Be Thankful And Read Poetry
“To me, every hour of the day and night is an unspeakably perfect miracle.”
With Thanksgiving upon us, it’s apropos of the season to remember and practice gratitude. Reading, reciting, and committing poetry to memory is good for the soul, for the young and old. Walt Whitman (1819-1892) was, most of all, a humanist who incorporated aspects of naturalism and realism in his work. The utmost lesson one may receive from Whitman’s verse is, most likely, that we can be transcended through nature and the realization of its majesty. Whitman wrote a great deal about gratitude, and his awe of life in all its splendor is most apparent in epic works such as Leaves of Grass. Although it was first published in 1855, Whitman diligently worked on the poems in that book until the end of his life.
“Song of Myself” is perhaps one of the most beloved and revered of all Whitman’s poems and makes up a large part of Leaves of Grass. Praised by Ralph Waldo Emerson and thought to sum up Whitman’s vision as a poet, “Song of Myself” is exactly what we should be reading in order to reach a greater understanding of gratitude. The “self” is the most important thing: to be an individual alone in nature, surviving alongside the elements. To be alive and wholly unique is something wonderful to be celebrated.
“I celebrate myself, and sing myself”
…And what I assume you shall assume,
For every atom belonging to me as good belongs to you.”
- As you can see in these passages, Whitman was in awe of and endlessly grateful for things we probably take for granted, like breathing and the wind in the trees.
“The smoke of my own breath,
Echoes, ripples, buzz’d whispers, love-root, silk-thread, crotch and vine,
My respiration and inspiration, the beating of my heart, the passing of blood and air through my lungs,
The sniff of green leaves and dry leaves, and of the shore and dark-color’d sea-rocks, and of hay in the barn,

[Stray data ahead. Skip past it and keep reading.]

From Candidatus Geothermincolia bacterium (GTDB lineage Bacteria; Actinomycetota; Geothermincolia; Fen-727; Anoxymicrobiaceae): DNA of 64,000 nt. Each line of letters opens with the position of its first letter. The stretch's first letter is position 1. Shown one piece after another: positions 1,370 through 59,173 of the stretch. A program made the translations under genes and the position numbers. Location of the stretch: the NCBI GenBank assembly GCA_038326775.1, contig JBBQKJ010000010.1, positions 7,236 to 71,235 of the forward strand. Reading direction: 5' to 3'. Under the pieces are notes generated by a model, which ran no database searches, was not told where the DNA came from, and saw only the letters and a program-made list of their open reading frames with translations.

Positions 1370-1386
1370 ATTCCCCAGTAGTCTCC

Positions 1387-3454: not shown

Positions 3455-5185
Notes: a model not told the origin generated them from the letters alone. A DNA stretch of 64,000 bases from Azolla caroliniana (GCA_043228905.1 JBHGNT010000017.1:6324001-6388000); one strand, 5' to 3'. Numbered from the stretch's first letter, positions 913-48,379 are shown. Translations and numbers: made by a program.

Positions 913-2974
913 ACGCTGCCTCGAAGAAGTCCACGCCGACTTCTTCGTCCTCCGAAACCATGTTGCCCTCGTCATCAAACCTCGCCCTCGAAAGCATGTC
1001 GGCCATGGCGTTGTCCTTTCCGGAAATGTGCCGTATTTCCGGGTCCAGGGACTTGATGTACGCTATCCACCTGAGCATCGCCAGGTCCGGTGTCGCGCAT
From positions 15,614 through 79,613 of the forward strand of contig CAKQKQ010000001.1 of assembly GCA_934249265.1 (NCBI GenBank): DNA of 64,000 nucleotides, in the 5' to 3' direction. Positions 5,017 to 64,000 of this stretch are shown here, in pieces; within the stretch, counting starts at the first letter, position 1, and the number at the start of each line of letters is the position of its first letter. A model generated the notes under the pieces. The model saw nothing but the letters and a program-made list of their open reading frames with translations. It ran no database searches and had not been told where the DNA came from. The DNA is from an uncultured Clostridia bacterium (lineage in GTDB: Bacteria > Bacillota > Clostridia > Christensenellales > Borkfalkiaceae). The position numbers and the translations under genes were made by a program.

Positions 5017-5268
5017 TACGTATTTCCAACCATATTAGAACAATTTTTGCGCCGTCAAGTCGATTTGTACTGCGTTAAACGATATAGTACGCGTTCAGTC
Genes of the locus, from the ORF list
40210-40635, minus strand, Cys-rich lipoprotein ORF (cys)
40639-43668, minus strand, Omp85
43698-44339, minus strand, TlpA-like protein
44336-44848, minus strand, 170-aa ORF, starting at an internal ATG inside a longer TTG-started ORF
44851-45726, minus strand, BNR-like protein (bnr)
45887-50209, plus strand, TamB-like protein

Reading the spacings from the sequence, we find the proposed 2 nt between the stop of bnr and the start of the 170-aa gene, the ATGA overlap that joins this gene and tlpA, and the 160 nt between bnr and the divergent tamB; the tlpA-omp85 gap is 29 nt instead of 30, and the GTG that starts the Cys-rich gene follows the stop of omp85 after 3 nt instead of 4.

The sound of the belch’d words of my voice loos’d to the eddies of the wind,
A few light kisses, a few embraces, a reaching around of arms,
The play of shine and shade on the trees as the supple boughs wag,
The delight alone or in the rush of the streets, or along the fields and hill-sides,
The feeling of health, the full-noon trill, the song of me rising from bed and meeting the sun.”
The Great Gift of Poetry
“I should say the quality of gratitude rounds the whole emotional nature; I should say love and faith would quite lack vitality without it.”
“Have you practis’d so long to learn to read? Have you felt so proud to get at the meaning of poems? Stop this day and night with me and you shall possess the origin of all poems.”
Poetry is, in itself, something to be extremely thankful for. The above passage from “Song of Myself” is a wonderful one to inspire young readers, emerging poets, and lovers of life. If anything, Whitman gave his readers the inspiration to enjoy living—in all its simplicity and, by the same token, its profundity.
Whitman also wrote a poem called “Thanks in Old Age” in 1888. Instead of bemoaning the reality of aging, Uncle Walt wrote of his gratitude for life, for love, for friends and family. These are all things we should keep in mind during the holiday season.
“Thanks in old age—thanks ere I go,
For health, the midday sun, the impalpable air—for life, mere
For precious ever-lingering memories, (of you my mother dear
—you, father—you, brothers, sisters, friends,).”